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Mr. Viggers: The hon. Gentleman knows that I am with him in spirit because St. Athan in his constituency carries out parallel work to Fleetlands in my constituency, which undertakes the overhaul of rotary wing aircraft. Does he agree that the Government's proposal flies in the face of most logic? If one can take manufacturing and overhaul facilities away from the uniformed armed forces, one can reduce costs and increase efficiency.

Mr. Smith: I agree with the hon. Gentleman. If one does that, one can enhance front-line capability at the same time.

It was right to carry out a review of logistics. An end-to-end review of logistics in land and air was carried out in 2002–03, which was precisely when the Defence Committee suggested that serious problems were occurring. I recommend that hon. Members read the review. Its recommendations were completely flawed because they ignored the strategic role that was created for DARA as little as three years ago by the Government. Secondly, and crucially, a proper distinction was not drawn between the productivity, output and potential of servicemen and women operating in a factory environment under a military code and Queen's regulations, and those of civilians
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working in a factory in a commercial environment. They were treated as the same, but that beggars belief because it goes completely against common sense.

I am mindful of what the hon. Member for Gosport said about the dangers of management speak because earlier this year, the Minister of State rolled forward the maintenance of the Harrier GR9 to Marham. We were told that that happened because service personnel had developed a lean technology and a pulse line and that they could thus compete with the private sector; what utter nonsense. They are not there to compete with the private sector, but to prepare for and fight wars. They are the best in the world at doing that, so for goodness' sake, let them get on with that and stop pretending that they are businesses and that they should be running factories, precisely the nonsense that is proposed.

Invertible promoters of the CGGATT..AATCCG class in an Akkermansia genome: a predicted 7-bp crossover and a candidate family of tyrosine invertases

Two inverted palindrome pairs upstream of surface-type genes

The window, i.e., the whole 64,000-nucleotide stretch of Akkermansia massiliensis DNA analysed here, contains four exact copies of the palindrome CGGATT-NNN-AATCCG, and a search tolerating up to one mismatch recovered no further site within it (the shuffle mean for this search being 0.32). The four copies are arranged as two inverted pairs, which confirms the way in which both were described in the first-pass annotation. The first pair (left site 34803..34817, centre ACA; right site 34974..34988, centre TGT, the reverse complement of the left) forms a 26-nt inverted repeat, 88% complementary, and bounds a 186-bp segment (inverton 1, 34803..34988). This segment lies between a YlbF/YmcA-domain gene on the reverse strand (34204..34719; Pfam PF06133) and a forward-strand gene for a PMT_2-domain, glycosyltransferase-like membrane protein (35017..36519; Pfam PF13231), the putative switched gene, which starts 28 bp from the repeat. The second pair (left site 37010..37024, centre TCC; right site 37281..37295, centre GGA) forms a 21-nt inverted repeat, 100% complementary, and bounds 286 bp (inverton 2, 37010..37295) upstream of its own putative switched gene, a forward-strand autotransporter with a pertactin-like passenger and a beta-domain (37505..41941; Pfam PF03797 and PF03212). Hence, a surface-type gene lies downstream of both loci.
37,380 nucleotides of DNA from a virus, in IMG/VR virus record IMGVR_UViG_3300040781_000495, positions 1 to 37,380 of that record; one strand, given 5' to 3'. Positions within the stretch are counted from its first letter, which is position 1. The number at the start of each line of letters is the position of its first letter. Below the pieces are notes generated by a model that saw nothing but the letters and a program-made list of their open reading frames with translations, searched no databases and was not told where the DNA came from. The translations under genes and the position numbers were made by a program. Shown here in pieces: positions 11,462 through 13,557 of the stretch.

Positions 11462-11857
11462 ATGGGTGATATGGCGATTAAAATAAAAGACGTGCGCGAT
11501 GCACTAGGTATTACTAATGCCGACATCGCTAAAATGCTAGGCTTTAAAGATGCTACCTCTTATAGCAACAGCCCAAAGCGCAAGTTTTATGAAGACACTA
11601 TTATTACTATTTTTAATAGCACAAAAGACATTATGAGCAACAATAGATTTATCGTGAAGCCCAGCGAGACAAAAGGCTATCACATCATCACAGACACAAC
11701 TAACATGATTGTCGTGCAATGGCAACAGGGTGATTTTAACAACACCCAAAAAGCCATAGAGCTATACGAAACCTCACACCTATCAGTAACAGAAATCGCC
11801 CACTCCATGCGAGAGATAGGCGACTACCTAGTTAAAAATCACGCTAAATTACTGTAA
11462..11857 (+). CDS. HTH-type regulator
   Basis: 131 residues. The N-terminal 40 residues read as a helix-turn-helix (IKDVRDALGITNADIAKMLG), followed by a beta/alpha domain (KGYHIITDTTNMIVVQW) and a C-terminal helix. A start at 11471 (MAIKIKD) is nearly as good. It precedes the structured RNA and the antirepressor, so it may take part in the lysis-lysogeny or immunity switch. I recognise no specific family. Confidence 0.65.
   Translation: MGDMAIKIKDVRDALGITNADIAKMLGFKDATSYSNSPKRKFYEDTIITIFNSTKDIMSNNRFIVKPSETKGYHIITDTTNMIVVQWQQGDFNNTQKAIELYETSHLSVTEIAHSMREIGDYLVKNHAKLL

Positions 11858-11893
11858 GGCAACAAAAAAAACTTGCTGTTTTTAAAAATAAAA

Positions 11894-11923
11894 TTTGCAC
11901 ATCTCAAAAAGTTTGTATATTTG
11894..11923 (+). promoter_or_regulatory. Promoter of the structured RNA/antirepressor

The move to Marham was not a success. The so-called lean machine has been fraught with problems. The Minister has asked me on several occasions to list some of the problems and provide him with the information, but I do not wish to do that in the House today. I have a long list of aircraft that have experienced difficulties in recent months, but I shall put only one example on record: Zulu Delta 402. Will the Minister seek an independent assessment of what went wrong with the aircraft and why it took 219 days to turn it around, rather than the 60 that it should have taken? The reason for that is obvious. Those people are loyal servicemen and women who joined the Royal Air Force, as I did many years ago, to serve their country, not to work in a factory or to behave as commercial civilian factory workers.

The decision is a disaster for the military in terms of its capability and for the British taxpayer, because we will pay through the nose for it. When we are dependent on that monopoly supplier, there will be no way out. The supplier will be able to ask for blank cheques. It was little wonder that the supplier was pleased when I recently spoke to it about the prospects of the new partnership and new relationship. There is still time to do something about that, however.

If the decision were right for our military and the taxpayer, I would go to my constituents, who are very experienced—in the Minister's words, uttered within the past 12 months, they are world-beaters—in defence aviation repair, and say that in the interests of the defence of this country we have to bite the bullet, take the tough decision and find ways to minimise the impact, but that is not the case. The decision is bad for the military, the taxpayer and the aviation industry in south Wales. It is wrong in principle and wrong in practice.

I ask my right hon. Friend to reconsider the decision. The end-to-end review was flawed. It took place within months of the creation of the Defence Aviation Repair Agency. The RAF was not happy about the agency in the first place and, surprise, surprise, the review's recommendation is to give the work back to the RAF. If he cannot see that, it is a matter for concern, which is why I am delighted that the Defence Committee will investigate the issue shortly.

Please do not get this decision wrong. It is not a question of jobs in my constituency. It is not even a question of the damaging effect that it will have on the south Wales economy. It is a question of the future capability of the British Royal Air Force. We cannot place that at risk.